several other domains, children attend to or sample informa-
tive data. When searching for rewards, children, more than
adults, explore uncertain options (Schulz, Wu, Ruggeri, &
Meder, 2019). Kidd, Piantadosi, and Aslin (2012, 2014) show
aGoldilocks effect in infants’ attention to visual and auditory
stimuli. Infants attend especially to stimuli that are somewhat
complex, but not too complex; somewhat predictable, but not
entirely, according to their current knowledge state. We pro-
pose that children may also display such curiosity-driven be-
haviour during language acquisition, and study the potential
effects of an active input selection mechanism on word learn-
ing in a computational setup.
In artificial intelligence research, different implementa-
tions of active learning have been proposed and studied, in-
cluding definitions based on novelty, predictability, or task
success in the long run (see Oudeyer and Kaplan (2009) for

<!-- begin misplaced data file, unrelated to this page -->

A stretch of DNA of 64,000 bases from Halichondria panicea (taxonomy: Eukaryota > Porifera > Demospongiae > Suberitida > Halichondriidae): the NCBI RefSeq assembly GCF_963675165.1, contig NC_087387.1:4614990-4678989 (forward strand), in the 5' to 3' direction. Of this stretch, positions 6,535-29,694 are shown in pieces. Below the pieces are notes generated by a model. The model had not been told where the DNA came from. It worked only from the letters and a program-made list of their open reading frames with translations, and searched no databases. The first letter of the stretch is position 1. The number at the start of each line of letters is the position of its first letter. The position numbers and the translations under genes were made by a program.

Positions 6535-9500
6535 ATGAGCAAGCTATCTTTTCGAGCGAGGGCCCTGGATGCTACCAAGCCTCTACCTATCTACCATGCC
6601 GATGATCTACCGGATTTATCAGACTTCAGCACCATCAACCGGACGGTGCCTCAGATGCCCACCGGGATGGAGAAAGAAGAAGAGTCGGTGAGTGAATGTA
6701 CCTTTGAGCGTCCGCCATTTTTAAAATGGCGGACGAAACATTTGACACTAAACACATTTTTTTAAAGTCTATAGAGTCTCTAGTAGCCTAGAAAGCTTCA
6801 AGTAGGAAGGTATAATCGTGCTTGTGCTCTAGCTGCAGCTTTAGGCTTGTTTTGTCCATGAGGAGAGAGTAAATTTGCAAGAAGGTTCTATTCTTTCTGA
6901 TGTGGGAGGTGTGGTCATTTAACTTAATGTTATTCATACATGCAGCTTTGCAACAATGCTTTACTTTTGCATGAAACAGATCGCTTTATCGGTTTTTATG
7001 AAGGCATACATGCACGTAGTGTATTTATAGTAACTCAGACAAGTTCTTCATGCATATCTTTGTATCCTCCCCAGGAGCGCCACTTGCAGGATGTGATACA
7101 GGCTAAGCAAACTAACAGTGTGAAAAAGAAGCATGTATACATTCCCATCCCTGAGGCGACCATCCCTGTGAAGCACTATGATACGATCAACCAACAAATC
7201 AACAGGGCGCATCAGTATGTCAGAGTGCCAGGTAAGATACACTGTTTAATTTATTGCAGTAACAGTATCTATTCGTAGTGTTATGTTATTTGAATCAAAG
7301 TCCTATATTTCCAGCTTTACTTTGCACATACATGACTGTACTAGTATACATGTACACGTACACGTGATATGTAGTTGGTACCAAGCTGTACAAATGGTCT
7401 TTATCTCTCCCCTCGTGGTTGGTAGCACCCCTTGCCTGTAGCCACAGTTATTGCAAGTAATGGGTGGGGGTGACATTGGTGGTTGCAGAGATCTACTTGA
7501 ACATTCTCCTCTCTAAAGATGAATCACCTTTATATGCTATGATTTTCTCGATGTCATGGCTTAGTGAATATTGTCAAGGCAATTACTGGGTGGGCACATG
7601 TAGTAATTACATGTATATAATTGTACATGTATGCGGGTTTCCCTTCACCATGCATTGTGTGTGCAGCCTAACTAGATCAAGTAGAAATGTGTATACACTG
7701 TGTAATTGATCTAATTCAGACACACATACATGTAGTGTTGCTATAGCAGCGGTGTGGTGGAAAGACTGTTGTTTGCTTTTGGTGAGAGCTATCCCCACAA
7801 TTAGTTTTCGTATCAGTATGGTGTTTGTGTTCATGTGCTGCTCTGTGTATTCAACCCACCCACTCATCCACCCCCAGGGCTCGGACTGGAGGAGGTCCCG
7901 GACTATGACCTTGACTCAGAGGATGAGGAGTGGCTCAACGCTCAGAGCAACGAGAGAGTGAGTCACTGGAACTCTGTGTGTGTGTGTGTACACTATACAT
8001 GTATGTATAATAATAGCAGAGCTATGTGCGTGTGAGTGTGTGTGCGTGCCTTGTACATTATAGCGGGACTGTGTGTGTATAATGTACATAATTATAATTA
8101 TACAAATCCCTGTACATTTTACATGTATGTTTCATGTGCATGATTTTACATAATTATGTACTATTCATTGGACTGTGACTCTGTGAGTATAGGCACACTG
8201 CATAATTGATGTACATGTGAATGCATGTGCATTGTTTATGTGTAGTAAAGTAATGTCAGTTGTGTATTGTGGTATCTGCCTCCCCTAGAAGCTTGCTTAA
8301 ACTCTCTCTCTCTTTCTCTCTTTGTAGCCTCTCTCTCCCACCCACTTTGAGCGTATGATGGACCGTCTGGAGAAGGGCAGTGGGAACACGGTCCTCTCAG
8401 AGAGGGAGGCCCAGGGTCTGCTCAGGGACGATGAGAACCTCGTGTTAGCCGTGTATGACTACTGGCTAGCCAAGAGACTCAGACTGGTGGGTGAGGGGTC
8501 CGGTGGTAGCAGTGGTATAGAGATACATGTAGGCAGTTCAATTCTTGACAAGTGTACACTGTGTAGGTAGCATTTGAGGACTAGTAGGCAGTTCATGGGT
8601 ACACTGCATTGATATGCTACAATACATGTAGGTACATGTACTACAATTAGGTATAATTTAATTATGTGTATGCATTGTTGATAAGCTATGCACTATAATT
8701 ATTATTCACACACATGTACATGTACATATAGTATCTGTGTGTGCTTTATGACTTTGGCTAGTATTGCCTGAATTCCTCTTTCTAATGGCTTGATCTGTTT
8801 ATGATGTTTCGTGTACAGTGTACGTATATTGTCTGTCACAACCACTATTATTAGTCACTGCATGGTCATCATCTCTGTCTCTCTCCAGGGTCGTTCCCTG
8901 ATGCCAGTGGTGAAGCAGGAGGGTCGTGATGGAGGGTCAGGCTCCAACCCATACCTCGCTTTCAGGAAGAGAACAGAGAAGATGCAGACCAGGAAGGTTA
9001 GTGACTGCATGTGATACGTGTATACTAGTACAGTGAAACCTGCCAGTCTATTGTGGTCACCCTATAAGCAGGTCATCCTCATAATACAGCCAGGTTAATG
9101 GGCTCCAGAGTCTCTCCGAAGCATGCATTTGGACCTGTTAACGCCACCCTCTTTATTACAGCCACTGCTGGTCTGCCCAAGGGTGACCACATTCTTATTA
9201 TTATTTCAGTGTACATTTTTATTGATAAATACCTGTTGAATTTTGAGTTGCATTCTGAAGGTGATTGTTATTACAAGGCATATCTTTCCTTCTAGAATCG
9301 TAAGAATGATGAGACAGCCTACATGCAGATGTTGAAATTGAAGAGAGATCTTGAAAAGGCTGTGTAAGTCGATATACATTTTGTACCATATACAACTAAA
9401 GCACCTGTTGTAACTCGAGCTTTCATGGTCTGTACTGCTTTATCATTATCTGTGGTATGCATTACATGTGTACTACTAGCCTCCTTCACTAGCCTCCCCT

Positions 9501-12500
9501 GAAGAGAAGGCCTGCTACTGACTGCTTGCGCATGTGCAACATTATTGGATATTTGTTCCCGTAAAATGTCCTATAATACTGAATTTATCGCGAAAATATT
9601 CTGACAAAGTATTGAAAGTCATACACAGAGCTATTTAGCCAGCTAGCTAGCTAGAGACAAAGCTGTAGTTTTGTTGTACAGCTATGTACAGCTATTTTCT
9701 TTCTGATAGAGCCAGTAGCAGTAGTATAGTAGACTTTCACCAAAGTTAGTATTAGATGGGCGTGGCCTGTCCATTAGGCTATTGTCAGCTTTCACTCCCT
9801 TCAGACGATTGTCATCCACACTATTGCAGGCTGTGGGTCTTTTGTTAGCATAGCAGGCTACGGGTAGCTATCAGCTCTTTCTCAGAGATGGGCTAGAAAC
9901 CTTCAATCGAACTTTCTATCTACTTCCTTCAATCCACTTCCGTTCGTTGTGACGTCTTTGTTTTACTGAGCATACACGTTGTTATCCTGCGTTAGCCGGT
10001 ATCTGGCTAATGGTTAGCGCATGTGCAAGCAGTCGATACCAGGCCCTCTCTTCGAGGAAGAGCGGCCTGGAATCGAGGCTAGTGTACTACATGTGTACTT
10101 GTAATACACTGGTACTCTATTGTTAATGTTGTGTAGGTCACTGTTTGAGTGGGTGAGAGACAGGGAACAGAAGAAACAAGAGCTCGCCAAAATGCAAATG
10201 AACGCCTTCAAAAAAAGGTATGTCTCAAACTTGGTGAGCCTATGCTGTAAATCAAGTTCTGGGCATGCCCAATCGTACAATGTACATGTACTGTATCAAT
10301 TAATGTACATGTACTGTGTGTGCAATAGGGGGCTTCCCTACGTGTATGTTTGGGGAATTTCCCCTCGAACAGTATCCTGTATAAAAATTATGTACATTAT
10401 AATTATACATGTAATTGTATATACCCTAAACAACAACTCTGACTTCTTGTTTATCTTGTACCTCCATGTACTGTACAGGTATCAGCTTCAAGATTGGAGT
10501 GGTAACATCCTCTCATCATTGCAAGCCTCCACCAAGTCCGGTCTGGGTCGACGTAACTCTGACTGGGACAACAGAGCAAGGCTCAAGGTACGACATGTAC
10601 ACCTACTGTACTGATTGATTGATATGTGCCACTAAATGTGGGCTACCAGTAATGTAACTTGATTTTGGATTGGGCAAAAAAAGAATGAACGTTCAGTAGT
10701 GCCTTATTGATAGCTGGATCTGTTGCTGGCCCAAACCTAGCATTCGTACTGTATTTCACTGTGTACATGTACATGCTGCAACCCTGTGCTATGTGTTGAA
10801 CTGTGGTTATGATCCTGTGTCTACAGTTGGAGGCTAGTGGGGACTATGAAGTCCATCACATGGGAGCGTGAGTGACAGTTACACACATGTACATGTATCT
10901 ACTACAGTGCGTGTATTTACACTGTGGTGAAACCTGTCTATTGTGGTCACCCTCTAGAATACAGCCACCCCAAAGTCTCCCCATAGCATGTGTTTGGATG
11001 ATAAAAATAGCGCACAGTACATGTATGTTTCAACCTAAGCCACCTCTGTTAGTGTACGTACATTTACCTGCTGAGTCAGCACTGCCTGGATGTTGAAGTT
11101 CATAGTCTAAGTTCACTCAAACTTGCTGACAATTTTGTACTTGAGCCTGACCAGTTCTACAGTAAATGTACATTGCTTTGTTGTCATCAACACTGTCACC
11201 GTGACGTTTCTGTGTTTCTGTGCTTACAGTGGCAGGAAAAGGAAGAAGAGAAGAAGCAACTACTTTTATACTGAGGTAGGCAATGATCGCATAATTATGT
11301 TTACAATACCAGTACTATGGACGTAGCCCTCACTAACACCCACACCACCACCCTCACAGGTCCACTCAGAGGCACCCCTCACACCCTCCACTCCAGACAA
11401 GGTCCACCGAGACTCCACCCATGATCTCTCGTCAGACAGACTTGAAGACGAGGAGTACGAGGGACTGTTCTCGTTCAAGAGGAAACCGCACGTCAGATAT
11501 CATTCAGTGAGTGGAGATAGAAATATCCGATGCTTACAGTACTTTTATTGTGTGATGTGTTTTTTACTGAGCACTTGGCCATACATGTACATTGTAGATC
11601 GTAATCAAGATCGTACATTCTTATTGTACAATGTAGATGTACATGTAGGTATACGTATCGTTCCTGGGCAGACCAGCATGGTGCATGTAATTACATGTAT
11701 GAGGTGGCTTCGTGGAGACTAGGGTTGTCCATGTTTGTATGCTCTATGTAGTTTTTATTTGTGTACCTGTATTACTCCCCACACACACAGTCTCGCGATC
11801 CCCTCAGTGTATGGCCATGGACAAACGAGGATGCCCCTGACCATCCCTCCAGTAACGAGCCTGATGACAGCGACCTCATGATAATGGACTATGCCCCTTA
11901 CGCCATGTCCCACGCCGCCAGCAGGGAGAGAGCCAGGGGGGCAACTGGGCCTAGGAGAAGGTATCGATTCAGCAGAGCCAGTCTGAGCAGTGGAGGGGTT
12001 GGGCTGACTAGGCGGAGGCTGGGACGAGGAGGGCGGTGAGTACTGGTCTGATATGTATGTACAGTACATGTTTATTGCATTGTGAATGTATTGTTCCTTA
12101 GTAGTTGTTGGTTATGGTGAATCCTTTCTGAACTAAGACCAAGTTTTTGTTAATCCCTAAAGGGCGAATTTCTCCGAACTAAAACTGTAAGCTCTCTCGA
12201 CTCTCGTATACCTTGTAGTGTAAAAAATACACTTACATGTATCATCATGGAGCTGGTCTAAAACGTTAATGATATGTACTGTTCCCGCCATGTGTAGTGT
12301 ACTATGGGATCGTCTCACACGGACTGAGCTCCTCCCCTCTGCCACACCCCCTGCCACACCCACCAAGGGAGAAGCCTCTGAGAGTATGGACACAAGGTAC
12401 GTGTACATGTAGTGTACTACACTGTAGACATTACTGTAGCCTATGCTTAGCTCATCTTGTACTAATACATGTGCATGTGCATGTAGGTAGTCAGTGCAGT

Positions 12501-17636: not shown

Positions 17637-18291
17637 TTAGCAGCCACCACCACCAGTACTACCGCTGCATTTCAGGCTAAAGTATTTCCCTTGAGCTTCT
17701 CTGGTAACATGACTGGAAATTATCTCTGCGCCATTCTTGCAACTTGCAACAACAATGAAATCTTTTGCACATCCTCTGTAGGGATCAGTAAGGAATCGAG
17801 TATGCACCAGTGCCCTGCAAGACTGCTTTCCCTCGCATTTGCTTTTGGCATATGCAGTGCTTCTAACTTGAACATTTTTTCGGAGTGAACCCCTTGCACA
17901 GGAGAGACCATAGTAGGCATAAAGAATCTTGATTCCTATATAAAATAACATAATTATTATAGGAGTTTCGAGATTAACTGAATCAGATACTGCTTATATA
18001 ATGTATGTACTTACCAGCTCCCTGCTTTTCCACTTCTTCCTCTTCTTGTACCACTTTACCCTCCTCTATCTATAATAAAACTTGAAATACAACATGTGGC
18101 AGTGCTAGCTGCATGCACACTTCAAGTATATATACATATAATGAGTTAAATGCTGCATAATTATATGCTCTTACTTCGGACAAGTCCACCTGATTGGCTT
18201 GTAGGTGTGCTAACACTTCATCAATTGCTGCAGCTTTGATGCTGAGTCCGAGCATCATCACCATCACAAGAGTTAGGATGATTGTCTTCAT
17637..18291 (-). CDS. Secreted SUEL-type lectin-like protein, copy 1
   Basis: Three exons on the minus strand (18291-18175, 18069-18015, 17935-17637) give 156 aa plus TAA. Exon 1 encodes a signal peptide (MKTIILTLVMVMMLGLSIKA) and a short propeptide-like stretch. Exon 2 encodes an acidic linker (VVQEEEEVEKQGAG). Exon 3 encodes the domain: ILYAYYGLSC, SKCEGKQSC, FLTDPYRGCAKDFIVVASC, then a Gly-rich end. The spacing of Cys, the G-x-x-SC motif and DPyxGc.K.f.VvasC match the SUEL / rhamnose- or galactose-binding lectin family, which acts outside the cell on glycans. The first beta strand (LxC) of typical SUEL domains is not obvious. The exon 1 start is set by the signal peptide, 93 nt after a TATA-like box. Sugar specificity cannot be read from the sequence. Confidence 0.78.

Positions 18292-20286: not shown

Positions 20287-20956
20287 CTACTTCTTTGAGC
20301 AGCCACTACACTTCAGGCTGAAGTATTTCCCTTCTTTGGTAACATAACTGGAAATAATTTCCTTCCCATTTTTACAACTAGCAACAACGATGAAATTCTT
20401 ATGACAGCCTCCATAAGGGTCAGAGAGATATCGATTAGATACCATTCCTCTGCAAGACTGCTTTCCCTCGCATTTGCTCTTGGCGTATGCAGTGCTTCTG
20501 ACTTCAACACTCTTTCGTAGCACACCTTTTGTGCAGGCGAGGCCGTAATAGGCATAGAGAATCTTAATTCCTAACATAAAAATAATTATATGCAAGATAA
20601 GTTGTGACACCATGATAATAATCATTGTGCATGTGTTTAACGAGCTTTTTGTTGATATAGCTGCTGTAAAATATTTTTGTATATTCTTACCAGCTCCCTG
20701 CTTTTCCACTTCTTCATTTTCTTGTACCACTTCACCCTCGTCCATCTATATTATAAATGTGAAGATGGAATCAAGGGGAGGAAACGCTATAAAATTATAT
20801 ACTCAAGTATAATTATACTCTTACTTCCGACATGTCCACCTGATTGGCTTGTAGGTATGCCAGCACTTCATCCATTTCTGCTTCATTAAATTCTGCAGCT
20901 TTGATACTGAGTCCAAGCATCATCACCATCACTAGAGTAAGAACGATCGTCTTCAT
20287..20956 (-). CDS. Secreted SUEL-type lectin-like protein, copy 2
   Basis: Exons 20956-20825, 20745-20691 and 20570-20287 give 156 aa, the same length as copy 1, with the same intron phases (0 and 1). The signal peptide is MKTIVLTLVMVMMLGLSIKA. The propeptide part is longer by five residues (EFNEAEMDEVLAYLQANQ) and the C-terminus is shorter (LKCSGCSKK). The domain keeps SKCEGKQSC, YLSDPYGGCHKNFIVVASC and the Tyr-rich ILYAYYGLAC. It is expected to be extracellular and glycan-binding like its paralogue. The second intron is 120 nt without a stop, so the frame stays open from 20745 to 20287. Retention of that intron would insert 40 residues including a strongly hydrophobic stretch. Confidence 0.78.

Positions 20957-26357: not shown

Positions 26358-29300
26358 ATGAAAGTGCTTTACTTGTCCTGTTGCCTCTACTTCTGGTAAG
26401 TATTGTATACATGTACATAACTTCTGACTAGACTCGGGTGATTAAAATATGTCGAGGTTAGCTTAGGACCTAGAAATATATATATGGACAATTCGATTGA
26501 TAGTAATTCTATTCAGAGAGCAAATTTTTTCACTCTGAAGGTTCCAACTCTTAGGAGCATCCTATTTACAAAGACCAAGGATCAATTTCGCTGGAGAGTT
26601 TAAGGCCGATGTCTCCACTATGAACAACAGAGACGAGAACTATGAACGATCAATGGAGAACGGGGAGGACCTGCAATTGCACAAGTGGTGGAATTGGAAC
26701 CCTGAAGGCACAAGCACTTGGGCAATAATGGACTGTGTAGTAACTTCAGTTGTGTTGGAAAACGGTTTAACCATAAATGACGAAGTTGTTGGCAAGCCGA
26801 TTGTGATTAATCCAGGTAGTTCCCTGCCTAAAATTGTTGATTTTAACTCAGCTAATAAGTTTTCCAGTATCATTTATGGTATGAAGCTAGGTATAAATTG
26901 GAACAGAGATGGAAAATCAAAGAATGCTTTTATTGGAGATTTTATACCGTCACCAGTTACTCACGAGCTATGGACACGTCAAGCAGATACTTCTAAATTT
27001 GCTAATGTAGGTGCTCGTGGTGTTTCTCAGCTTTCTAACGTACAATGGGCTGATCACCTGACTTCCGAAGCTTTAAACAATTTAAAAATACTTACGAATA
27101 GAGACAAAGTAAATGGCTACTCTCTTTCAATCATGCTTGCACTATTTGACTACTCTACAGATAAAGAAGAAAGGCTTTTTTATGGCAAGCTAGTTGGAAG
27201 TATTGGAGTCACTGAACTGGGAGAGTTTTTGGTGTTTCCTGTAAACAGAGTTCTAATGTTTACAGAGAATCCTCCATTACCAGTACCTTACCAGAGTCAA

an overview). In a cognitively motivated study, Twomey and
Westermann (2018) show that a model of visual category
learning achieves maximal learning results when it selects its
input according to a curiosity metric that balances the novelty
of the stimulus and potential knowledge update. This concept
was applied to the task of cross-situational word learning in
a computational study of Keijser, Gelderloos, and Alishahi
(2019). They show that an agent that curiously selects objects
to receive linguistic input for eventually learns word-object
mappings more accurately and robustly. However, in their
study, learning to understand which word maps to which ob-
ject is a supervised process – an unrealistic assumption with
respect to the human language acquisition process. Also, they
only investigate a single formulation of curiosity, and it is not
clear which component of this formulation yields the gain ob-
served in their simulation results.
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©2020 e Author(s). is work is licensed under a Creative
Commons Aribution 4.0 International License (CC BY).
Inspired by Keijser et al. (2019), in this paper we use a
computational study of cross-situational word learning to in-
vestigate whether a curious word learner who actively selects